Norfolk Island from the sea looks bare, its coast being iron-bound, with basalt cliffs; but when it is once entered there is no want of vegetation, and it appears like one large park, the principal tree being [92/93] the Norfolk Island pine, Araucaria excelsa, which gives a character to the landscape. There are many relies of its former possessors in the jails, barracks, and public offices, used when the population of the island was the off-scouring of the convict settlements of New South Wales, and the graveyard bears tokens of the same sorrowful history.
Hither it was that in 1856 came the population of Pitcairn's Island--rather sad, especially the elder ones, at their transplantation from their native soil, but willing to acquiesce in a measure which they could perceive was for their good. Captain Hood, of the Fawn, visited them a few years later, and thus writes of their condition:--
"It is difficult to imagine a state of society in which life flows more pleasantly on, though in an even tenor, than in the homes of these amiable people, by whom the troubles and turmoil of the world are heard only as the echo of far-distant thunder. All being equal in fortune, prospects, and position, are free from the jealousies and heartburnings which embitter the enjoyment of life to the most wealthy possessor of the seeming good things of this world. May it be long before the auri sacra fames disturbs the quiet of the little colony! Whaling seems the favourite occupation of the men, and galloping after their cattle. They have thus both sport and profitable employment, which they vary [93/94] with work in their gardens and plantations, and now and then by a crusade against the rabbits in Philip's Islands. The women find abundant means of passing their time in attending to their dairies, and sewing for their numerous families. All are very fond of reading, and anxious to gather information from every source of the world and its history. Some are very well informed indeed. I made the acquaintance of one of the daughters of the first generation, whose knowledge of the manners and customs of different people, and the geography of their countries, was remarkably extensive. They have the advantage in this respect of their good fathers and mothers, who, when young, knew their Bible well, but nothing else. Only two of the men of the first generation are now living, Adams and Quintal. The latter, a quaint old man, told us that when he was a boy, playing with his companions early one morning on the beach, he was startled, like Robinson Crusoe with the footprints, by finding a big jack-knife on the shore, and seeing a number of branches of cocoa-nut trees freshly cut. Looking around, they espied a large strange object on the ocean; and running home, learned from their father, old Adams, that it was a ship. They remained under the idea for a long time (for perhaps lie thought it better not to instruct them in anything regarding the outer world) that it had come through the hole in the horizon where the sun rose."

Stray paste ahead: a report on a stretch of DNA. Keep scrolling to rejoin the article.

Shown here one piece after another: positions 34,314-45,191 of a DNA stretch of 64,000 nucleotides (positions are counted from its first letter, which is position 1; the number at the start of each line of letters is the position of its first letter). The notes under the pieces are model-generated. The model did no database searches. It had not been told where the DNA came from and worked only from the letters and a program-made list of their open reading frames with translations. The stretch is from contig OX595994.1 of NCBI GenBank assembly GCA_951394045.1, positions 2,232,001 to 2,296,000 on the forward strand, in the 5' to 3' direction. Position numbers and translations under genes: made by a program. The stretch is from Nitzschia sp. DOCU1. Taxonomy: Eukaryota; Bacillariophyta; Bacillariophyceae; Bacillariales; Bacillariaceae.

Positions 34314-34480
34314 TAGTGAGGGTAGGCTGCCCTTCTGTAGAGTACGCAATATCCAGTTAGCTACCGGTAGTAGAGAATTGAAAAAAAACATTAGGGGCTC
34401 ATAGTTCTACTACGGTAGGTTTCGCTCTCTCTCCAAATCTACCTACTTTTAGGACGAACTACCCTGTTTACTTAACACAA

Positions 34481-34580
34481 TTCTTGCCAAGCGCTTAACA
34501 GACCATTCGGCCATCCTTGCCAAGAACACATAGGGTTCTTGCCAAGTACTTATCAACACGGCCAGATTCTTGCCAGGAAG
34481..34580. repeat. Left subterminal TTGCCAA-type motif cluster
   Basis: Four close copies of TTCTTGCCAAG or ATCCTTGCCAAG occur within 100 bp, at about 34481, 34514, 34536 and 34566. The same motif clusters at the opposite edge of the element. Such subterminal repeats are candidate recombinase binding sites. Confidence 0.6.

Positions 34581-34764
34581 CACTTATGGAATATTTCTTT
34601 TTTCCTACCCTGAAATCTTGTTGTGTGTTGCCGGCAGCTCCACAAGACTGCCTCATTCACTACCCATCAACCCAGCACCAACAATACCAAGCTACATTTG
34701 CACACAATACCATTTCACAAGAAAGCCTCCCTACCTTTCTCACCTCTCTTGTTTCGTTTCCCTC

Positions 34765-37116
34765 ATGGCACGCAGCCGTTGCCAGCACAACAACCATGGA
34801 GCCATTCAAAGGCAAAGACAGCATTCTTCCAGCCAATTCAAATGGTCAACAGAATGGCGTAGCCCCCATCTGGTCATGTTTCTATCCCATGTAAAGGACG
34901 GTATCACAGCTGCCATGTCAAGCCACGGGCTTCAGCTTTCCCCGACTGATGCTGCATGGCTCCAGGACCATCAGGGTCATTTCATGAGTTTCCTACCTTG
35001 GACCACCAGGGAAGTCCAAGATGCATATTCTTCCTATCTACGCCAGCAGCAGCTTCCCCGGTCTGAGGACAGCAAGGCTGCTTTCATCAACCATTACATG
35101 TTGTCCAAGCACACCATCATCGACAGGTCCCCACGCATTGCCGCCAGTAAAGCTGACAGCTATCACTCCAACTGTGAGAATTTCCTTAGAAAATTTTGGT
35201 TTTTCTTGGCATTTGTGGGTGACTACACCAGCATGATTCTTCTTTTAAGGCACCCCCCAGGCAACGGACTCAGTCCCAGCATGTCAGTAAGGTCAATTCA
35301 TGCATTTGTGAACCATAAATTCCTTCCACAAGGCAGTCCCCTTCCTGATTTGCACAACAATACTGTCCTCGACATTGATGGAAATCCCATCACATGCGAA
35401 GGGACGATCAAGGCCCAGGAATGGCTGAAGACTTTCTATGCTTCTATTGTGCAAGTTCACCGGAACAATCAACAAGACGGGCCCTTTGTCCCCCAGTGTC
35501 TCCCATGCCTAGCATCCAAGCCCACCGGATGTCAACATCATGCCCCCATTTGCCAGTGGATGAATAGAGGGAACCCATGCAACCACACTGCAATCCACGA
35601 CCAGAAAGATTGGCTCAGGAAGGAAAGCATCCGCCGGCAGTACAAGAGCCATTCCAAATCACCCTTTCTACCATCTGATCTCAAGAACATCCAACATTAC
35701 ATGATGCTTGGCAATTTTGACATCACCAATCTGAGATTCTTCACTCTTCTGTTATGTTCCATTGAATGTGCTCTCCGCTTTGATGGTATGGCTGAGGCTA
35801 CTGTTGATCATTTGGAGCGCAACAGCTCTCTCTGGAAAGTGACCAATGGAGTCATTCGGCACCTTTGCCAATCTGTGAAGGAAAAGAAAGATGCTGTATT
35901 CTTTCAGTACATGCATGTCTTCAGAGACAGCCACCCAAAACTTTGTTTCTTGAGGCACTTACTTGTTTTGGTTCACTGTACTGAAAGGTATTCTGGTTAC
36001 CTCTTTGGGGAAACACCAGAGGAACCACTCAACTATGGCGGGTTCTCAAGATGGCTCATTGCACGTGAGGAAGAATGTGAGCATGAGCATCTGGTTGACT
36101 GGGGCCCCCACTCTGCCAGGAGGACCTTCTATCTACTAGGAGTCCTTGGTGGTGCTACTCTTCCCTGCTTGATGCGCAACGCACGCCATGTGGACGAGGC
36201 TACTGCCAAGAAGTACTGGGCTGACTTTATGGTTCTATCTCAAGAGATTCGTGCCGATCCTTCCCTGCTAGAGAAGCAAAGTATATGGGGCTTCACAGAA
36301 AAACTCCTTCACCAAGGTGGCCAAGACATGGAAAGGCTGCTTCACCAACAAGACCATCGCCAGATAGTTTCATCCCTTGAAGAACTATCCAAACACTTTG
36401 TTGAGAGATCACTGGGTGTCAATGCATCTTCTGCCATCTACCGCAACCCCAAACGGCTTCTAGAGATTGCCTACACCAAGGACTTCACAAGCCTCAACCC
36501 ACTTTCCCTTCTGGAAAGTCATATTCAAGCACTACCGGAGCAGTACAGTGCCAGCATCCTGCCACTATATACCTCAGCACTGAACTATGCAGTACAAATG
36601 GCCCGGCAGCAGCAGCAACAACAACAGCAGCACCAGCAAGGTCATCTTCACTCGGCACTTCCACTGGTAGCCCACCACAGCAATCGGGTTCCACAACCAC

The code of laws which existed until a recent period was very curious; the titles of some of the regulations bespeak the primitive state of the people, e.g. No. 2, laws for dogs; No. 3, laws for cats; No. 4, laws for hogs; No. 8, laws respecting landmarks;. No. 10, laws for the public anvil. If a fowl were found trespassing in a garden, the proprietor might shoot and keep it, and the owner of the fowl was to return to him the powder and shot expended in killing it. The young lovers were also forbidden to carve each other's names with true love knots, as was their delight, upon the soft stems of the plantains and bananas. These regulations, trivial as they seem, were not uncalled for, as the fowls had so much increased that gardens were much injured by them, and the demonstrative ardour of the young men spoilt the plants which produced the staple articles of their food.
Their simple earnest goodness has not been marred by their change of abode. They are still the same quaint simple people, bearing traces of their mixed origin, and, of course, of their isolation from the rest of the world. Perhaps for this very reason they may be the more fitted to help in the work of evangelising the Melanesian islands to the northward, assimilated to them as they are by climate and habits, differing chiefly in the fact of being a Christian community.
In 1856, soon after their arrival, Bishop Selwyn [95/96] held a confirmation in the island, and the whole grown-up population was confirmed--eighty-six persons in all. It was a most striking service, old and young knelt together; from Arthur Quintal, the oldest man on the island, to boys and girls of sixteen years old; and all showing, by their reverence and earnestness, that they understood and felt what they were doing. Bishop Selwyn felt that some definite kind of work would be needed to keep them from falling below their present standard, and he greatly desired to engage them as fellow-helpers in his Melanesian work, which was afterwards done in some degree, as will be seen in the sequel.